Update (11/6/2016): TrendLabs recently published (11/04/2016) their own research on this new Sundown EK, which turns out to be a new exploit kit (‘Bizarro SunDown EK’), based on the same code as the former. It was brought to my attention that they actually discovered it long before, and it was reflected in an Emerging Threats ruleset update dated 2016/10/07.
The exploit kit scene today pales in comparison to what it was over a year ago and indeed, after Nuclear and Angler, Neutrino also appears to have vanished. This is why when we spot something different in the wild, we immediately think it’s going to be that new contender that leads the pack.
Right after I posted on the changes to the Sundown exploit kit, I got pinged on Twitter by @edx about yet another possible variant of that EK which had a landing URL stripped of any parameters. I recalled also seeing such a thing and wasn’t sure immediately what it was. In the meantime, Brad Duncan from MalwareTraffic also blogged about this new variant detected as Sundown EK by the Emerging Threats ruleset.
This post looks at one particular distribution method and compares the exploit landing code of this possible new variant with previous versions of Sundown EK.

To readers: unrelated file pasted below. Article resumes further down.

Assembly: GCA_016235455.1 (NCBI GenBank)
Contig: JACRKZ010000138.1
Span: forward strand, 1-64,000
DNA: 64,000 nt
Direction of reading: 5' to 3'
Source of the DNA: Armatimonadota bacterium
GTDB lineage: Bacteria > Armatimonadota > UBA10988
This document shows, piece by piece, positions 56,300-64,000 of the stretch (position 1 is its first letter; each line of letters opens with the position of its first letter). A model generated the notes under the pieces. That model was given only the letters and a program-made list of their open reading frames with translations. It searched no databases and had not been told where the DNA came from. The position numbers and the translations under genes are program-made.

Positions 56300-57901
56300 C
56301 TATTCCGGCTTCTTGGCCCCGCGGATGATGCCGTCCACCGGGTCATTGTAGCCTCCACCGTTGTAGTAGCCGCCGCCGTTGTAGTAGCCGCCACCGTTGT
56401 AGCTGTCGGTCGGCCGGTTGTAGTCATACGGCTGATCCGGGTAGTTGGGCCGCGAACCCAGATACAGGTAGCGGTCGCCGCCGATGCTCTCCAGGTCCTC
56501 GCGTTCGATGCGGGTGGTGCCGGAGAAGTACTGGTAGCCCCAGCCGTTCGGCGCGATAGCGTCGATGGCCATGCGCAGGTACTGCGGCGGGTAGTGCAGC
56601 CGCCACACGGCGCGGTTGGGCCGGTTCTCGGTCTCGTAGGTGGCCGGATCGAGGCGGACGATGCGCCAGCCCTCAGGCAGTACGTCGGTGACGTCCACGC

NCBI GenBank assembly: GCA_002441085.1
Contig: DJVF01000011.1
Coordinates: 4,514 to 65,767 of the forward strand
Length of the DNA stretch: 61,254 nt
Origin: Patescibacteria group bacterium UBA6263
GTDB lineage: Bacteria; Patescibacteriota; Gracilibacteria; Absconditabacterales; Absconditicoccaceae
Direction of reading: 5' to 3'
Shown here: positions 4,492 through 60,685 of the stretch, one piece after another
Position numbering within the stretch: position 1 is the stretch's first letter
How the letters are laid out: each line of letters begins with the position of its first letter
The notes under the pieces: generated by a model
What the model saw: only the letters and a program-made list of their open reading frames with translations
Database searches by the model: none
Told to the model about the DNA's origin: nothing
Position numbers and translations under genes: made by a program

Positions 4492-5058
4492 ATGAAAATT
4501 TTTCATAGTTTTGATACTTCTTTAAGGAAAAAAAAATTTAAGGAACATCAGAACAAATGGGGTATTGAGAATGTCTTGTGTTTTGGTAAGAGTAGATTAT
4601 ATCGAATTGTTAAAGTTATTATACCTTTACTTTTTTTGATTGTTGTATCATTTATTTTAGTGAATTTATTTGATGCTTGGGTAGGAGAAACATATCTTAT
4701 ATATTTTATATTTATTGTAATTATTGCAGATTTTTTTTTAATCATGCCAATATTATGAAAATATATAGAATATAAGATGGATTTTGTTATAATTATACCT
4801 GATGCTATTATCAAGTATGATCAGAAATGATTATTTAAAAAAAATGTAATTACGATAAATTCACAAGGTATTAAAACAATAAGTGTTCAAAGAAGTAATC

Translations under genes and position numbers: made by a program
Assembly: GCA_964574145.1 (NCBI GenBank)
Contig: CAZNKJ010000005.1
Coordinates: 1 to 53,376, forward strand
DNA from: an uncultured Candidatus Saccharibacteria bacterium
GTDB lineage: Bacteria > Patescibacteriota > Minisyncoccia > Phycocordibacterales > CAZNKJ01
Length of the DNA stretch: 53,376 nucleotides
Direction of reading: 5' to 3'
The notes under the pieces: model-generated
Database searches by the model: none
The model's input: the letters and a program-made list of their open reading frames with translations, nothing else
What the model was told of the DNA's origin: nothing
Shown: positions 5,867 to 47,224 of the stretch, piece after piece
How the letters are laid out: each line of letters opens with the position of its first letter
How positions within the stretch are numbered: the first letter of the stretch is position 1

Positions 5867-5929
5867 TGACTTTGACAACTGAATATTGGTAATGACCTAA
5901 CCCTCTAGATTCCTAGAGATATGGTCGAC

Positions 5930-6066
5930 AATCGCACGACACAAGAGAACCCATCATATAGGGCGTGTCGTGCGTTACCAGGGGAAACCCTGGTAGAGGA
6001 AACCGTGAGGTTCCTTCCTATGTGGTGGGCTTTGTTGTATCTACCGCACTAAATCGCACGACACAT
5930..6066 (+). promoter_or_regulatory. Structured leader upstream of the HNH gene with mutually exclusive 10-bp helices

Compromised site and Openx ad server
The infection chain starts with a compromised site that was injected with a link to a hacked OpenX ad server. The rest is pretty classic as it involves fast changing shadowed domains that generate the iframe to the exploit kit landing page.
Landing page déjà-vu
Some parts of the landing page had a striking feel of Sundown EK, in particular the Flash exploit call. Below are different landing pages taken from several variants of Sundown EK and the newer version, which all have matching CLSID and width/height params.
This is a side by side comparison between the Sundown EK we blogged about recently and the newest landing (click for bigger picture). Note: this is a VBScript exploit (CVE-2016-0189) stolen from RIG EK and a pattern of Sundown EK of reusing other EK’s code. Thanks to the person who left a comment about this.
New variant overview
In this particular case, we received the Locky ransomware as a payload.
This may not be the latest and greatest exploit kit we were expecting, indeed the Flash exploit(s) are not new and overall we could call it a lite version of Sundown. However, it shows that there is active development and tweaks happening behind the scenes and that is worthy of a mention.
As always, thanks to other researchers for their input and sharing exploit kit intelligence.
Update (10/19/2106): Thanks @Ledtech3 for mentionning the tree decision for Flash player exploit. (added to IOCs other SWF that targets newer Flash versions, i.e. 220.127.116.11)
- Landing page: Link
- Flash exploit (gjorijfjds.swf -> targets older versions) f1016d736929c2cbd9265b2d975a4bf8593aafa6c1af5318bef8329b3f869bf6
- Flash exploit (gjdksls.swf -> targets newer versions) e36933b2e2a4b83b70eedd37ef86e3945dff1e639deff932b460c13dd88269ec
- Payload (Locky) 04e3cce4775868fcfb497de27979ea077623d0bc9707f86efd86ab0136227d3a